Reprint of July/August 2014 Pony Issue. Read the full Magazine at:
BY SANDY HOLBROOK
Sitting ringside at a horse show, where you are probably reading this, it is easy to overlook the attention it takes to get every single pony to the ring. From grooming until they shine, the morning hacks, baths, wiping boots, and applying fly spray, each pony has had hours devoted to those several minutes of performance. If we look back even further, almost every pony was carefully bred, most in this country, for performance success in various pony divisions. Mares and stallions were chosen selectively for size, temperament, various pony hunter qualities, and young ponies were raised, mostly in huge paddocks playing with other youngsters, from Florida to Maine to California.
So, what do people consider when the breed? Here, we go through just a couple of the topics that breeders consider when trying to make the perfect cross for performance success.
Of the ponies showing successfully in the rated pony hunter divisions, “top of the line” ponies are the norm. Top of the line means that the pony is right at the measurement cutoff for their height class, i.e. 12.2 hands for a Small Pony Hunter, 13.2 hands for a Medium Pony Hunter, and 14.2 hands for a Large Pony Hunter.
Absolutely there are wonderful ponies showing that are more “off” sizes like 13.0 hands and some that are very successful. However, it is often tougher to market these ponies and find them jobs, so breeders generally aim for as high in a section as they feel comfortable.
Planning height can only go so far, as there can be a lot of variability and the best-laid plans can lead to ponies that are tough measures. A few of these ponies might still make it as division ponies, many will become successful children’s and short stirrup ponies, and the mares with impeccable bloodlines can often be scooped up inexpensively as broodmares.
The quality of a pony comes down to the three sections it is judged in – the model, the under saddle, and the over fences. The goal of breeding is to improve the next generation pony in all of these qualities and those that go into them, such as a child-friendly attitude, natural balance for easy lead changes, a big stride to easily make it down the lines, and plenty of jump for when the children flat-out miss into the one-stride.
If your mare is not perfect, breeding her can still make a fruitful outcome provided you seek to correct for her less desired attributes. If your mare is absolutely wonderful in all aspects, but does not have a pretty head, breeding her to a stallion that is known to stamp his stunning face on every single one of his offspring would be the ideal choice.
SUCCESS OF THE SIRE AND DAM
It is very difficult to make breeding decisions when 50% of the combination (the stallion) has probably never been to a horse show and jumped around a course, the exact task you are trying to breed the foal for. Except in a few rare cases where the stallion has been gelded and continued on to a successful career in the pony hunters (Armani and Red Drum’s Patriot are two currently in the ring), you will generally never see the stallion you are breeding to performing the task you are aiming for.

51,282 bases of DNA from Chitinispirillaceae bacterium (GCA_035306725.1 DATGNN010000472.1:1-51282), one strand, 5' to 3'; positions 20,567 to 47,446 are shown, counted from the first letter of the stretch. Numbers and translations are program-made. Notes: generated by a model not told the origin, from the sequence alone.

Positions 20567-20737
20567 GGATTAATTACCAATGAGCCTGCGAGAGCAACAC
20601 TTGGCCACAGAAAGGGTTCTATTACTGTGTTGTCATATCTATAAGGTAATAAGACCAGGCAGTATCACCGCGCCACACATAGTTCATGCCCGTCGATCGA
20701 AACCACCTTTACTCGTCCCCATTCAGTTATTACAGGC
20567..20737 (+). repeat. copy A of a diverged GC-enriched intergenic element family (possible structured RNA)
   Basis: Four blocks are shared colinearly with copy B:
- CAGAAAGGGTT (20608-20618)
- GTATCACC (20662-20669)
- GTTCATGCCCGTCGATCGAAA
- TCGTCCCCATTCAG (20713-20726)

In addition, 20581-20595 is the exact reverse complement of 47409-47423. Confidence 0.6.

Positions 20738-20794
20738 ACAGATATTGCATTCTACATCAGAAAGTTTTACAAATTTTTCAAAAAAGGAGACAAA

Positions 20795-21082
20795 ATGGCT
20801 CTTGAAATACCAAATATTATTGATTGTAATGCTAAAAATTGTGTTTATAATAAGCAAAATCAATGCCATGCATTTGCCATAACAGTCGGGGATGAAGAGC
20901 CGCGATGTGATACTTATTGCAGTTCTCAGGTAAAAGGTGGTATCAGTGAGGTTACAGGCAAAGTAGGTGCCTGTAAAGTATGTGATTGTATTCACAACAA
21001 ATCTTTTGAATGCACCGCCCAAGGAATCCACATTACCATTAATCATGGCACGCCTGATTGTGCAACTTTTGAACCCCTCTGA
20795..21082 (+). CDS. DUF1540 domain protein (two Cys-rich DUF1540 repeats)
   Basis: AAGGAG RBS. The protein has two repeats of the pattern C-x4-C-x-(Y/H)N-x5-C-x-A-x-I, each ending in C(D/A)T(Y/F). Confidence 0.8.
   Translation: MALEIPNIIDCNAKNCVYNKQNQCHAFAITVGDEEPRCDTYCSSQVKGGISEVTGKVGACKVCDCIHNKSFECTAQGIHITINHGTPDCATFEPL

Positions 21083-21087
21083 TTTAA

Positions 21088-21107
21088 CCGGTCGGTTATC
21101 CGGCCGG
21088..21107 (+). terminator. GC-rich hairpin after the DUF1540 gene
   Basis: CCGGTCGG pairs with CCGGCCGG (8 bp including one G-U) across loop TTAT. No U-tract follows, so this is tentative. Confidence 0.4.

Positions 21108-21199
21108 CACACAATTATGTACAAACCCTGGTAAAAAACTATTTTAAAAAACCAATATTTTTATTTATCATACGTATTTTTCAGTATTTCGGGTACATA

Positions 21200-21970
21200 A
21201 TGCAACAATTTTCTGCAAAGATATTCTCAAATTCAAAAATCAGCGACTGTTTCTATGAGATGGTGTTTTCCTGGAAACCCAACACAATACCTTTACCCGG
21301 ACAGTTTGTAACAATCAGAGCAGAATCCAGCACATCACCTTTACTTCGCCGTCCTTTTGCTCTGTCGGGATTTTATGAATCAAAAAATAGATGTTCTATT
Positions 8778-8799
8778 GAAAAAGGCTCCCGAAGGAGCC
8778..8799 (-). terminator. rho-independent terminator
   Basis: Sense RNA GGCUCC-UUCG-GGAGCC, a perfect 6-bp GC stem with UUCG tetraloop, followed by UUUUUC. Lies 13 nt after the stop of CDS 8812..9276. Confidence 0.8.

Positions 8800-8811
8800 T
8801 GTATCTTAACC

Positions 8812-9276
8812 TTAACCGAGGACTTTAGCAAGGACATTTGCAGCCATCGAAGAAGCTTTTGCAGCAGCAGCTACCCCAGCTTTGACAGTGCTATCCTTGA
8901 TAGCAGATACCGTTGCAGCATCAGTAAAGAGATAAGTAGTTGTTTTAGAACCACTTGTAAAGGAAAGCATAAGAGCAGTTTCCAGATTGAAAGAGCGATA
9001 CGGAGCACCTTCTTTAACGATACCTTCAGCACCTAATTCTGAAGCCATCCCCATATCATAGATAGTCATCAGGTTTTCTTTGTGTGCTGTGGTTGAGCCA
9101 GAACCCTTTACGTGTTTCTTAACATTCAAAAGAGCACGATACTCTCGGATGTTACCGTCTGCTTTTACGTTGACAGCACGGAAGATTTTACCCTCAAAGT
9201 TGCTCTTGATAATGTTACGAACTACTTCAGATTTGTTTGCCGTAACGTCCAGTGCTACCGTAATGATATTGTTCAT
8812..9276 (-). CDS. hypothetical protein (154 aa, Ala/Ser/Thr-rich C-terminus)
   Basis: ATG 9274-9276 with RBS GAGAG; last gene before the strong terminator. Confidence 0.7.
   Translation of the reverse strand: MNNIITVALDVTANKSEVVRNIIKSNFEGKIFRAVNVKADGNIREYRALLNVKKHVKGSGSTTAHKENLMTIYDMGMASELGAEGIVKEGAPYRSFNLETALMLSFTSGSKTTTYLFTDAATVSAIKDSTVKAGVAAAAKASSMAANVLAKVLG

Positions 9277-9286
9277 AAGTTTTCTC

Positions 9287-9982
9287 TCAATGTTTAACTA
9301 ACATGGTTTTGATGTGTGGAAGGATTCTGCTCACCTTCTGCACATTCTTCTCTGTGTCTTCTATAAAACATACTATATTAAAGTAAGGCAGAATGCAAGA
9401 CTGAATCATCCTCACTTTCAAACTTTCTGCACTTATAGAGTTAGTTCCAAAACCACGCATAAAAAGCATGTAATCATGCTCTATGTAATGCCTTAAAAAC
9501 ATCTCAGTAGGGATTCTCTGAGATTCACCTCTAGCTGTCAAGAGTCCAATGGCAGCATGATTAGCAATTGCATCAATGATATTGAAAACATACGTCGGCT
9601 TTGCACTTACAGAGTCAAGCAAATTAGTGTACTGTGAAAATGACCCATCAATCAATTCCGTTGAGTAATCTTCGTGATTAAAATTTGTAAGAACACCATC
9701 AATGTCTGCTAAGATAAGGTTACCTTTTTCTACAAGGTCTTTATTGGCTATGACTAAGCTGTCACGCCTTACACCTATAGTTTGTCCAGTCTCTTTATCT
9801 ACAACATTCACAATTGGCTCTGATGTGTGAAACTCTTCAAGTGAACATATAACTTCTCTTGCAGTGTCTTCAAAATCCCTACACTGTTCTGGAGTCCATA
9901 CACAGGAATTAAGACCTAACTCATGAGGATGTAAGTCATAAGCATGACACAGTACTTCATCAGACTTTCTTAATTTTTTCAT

As for the mare, while some successful show ponies become fantastic broodmares, it can be a long process. Many mares showing on the circuit today are on Depo or some other hormone source, which makes it hard for them to cycle and hard to conceive a foal. Additionally, unless they suffer an injury during their career, many mares are still in the golden years competing successfully throughout their primetime breeding career.
Mares that are “off-size” can make excellent broodmares, but then, same with the stallion, you are put in the situation of breeding for offspring that performs a
task successfully that neither the sire or the dam have performed themselves. In those cases, focusing on what a pony hunter really needs must be placed at a premium for selecting a stallion and necessary desirable attributes- a great canter, scopey jump, and a child-friendly attitude must take the highest priority.
WHAT ARE YOU DOING WITH THE FOAL?
While thinking about breeding, one of the other most important considerations is a plan on what to do with the foal. If it is a colt, when are you going to geld it? Are you planning on showing it on the line as a youngster? Are you planning to sell it? How are you going to keep it on a path to become a pony hunter and a child’s pony? When should it start under saddle or jumping or break its green year? While these questions might be way down the line, they should all go into the planning process on deciding to breed.